Three Sad Sights
There are three sad sights with which our eyes should continually affect our hearts.
The first is to behold in every place so many profane and dissolute ones who bear the very image of Satan, the face of whose conversation plainly discovers what they are and where they are going (Philippians 3:18-19). These look like the children of wrath.
The second is to see so many cursed hypocrites artificially disguising themselves, and with marvelous dexterity acting the part of saints, so that even a judicious eye may sometimes mistake the similar workings of the Spirit on them for His saving work on others. To hear such a person conferring, praying, bewailing his corruptions, and talking of his experiences, would easily persuade a man to believe that he has the heart as well as the face of a sincere Christian. For this is how the people of God speak; this is how they pray; and this is how they open their conditions. They look like saints, but are not.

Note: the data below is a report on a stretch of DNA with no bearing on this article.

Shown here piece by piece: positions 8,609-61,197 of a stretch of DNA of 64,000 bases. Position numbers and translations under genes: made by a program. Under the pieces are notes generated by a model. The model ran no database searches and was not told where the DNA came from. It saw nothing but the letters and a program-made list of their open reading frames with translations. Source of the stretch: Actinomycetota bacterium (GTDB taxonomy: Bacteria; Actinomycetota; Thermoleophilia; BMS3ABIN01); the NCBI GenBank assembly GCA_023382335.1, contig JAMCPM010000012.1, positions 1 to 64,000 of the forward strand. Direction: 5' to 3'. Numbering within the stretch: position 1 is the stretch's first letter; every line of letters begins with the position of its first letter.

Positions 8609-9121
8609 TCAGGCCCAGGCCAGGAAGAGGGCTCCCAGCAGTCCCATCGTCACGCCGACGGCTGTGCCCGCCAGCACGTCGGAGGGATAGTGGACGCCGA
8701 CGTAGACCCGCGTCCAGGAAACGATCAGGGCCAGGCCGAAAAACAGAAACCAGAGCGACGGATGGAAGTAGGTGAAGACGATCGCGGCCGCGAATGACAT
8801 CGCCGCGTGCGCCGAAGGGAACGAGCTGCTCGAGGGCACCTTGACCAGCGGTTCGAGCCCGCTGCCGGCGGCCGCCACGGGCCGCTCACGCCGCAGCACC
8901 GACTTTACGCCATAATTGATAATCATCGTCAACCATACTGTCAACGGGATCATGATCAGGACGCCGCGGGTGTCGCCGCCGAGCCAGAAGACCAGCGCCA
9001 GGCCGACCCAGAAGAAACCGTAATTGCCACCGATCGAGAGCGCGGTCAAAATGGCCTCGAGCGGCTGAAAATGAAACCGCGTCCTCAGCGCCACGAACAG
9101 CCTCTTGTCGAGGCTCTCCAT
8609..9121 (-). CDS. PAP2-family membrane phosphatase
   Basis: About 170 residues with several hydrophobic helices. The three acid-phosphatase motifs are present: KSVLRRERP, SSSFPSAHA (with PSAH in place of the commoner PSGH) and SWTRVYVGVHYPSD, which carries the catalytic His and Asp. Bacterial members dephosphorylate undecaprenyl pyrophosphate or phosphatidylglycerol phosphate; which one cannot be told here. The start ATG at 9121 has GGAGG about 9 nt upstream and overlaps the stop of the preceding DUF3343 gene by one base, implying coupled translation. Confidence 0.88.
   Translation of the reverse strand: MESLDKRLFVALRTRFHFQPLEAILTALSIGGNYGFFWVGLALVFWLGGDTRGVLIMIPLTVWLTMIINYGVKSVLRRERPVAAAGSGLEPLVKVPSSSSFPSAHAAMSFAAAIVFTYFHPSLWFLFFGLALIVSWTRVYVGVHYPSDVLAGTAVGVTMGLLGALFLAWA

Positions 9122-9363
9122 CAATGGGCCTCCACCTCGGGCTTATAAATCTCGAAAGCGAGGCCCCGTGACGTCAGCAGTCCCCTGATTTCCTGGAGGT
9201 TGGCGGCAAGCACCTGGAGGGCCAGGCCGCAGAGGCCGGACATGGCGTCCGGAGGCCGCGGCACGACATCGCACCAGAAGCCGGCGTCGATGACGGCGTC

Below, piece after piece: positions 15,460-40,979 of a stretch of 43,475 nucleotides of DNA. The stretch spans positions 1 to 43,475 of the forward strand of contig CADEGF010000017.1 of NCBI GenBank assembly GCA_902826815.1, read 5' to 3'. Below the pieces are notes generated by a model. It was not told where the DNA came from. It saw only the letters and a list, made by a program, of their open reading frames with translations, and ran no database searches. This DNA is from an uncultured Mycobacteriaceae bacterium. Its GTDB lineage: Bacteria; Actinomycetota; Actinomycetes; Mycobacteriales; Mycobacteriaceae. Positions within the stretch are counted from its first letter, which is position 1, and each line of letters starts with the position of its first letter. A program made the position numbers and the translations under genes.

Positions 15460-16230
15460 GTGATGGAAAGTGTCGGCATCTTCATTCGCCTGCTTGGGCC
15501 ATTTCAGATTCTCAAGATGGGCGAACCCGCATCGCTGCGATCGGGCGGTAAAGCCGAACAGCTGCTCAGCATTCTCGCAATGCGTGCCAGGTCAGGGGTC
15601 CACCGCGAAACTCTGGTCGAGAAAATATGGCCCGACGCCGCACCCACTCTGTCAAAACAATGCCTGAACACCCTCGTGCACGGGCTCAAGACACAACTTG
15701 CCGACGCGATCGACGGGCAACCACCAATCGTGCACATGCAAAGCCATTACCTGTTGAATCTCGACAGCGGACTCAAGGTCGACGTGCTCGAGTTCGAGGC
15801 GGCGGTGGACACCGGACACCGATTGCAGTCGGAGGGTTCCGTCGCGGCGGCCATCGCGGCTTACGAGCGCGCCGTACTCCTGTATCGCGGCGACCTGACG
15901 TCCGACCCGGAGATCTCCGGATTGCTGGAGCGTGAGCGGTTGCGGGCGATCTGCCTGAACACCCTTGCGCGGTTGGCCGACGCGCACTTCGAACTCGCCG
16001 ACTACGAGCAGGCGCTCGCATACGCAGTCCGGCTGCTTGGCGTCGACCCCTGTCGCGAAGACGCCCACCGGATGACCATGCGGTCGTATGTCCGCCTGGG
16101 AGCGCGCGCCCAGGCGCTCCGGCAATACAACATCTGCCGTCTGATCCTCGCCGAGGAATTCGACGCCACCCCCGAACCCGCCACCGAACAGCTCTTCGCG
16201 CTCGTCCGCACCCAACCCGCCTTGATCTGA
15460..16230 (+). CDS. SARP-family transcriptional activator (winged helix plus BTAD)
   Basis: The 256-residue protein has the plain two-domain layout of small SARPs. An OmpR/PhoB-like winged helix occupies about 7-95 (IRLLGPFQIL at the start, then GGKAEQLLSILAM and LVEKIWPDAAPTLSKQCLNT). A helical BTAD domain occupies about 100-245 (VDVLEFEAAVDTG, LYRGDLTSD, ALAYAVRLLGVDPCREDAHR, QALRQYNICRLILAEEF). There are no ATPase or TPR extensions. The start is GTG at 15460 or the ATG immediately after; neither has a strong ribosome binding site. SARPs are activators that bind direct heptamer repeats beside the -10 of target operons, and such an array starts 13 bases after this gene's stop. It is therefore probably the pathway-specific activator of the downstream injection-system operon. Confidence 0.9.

The third is to see so many real saints in whom the Spirit of truth is, who yet, through the impetuous workings of their corruptions, and neglecting to watch over their hearts, often fall into such scandalous practices that they look like hypocrites, though they are not so.
These are three sad sights indeed, and, oh, that my head were waters, and my eyes fountains of tears, that I may weep abundantly over them all!
For the first, I would mourn heartily, considering that they (so continuing) must be damned eternally (2 Thessalonians 1:8-9; I Corinthians 6:9).
For the second, I would both weep and tremble, considering that they (so abiding) must be damned doubly (Matthew 24:51).
And for the third no less than any of the rest, because though they themselves may and shall be saved, yet their examples make fast the bonds of death upon both the former (Matthew 18:7; 2 Samuel 12:13-14).
Alas, that ever they should shed the blood of others souls for whom Christ shed His own blood; that ever they should be so cruel to others who have found Christ so kind to them! I know they dare not do it directly and intentionally, but so it proves occasionally and eventually.”
– John Flavel, Keeping the Heart, pp. xxxii, xxxiii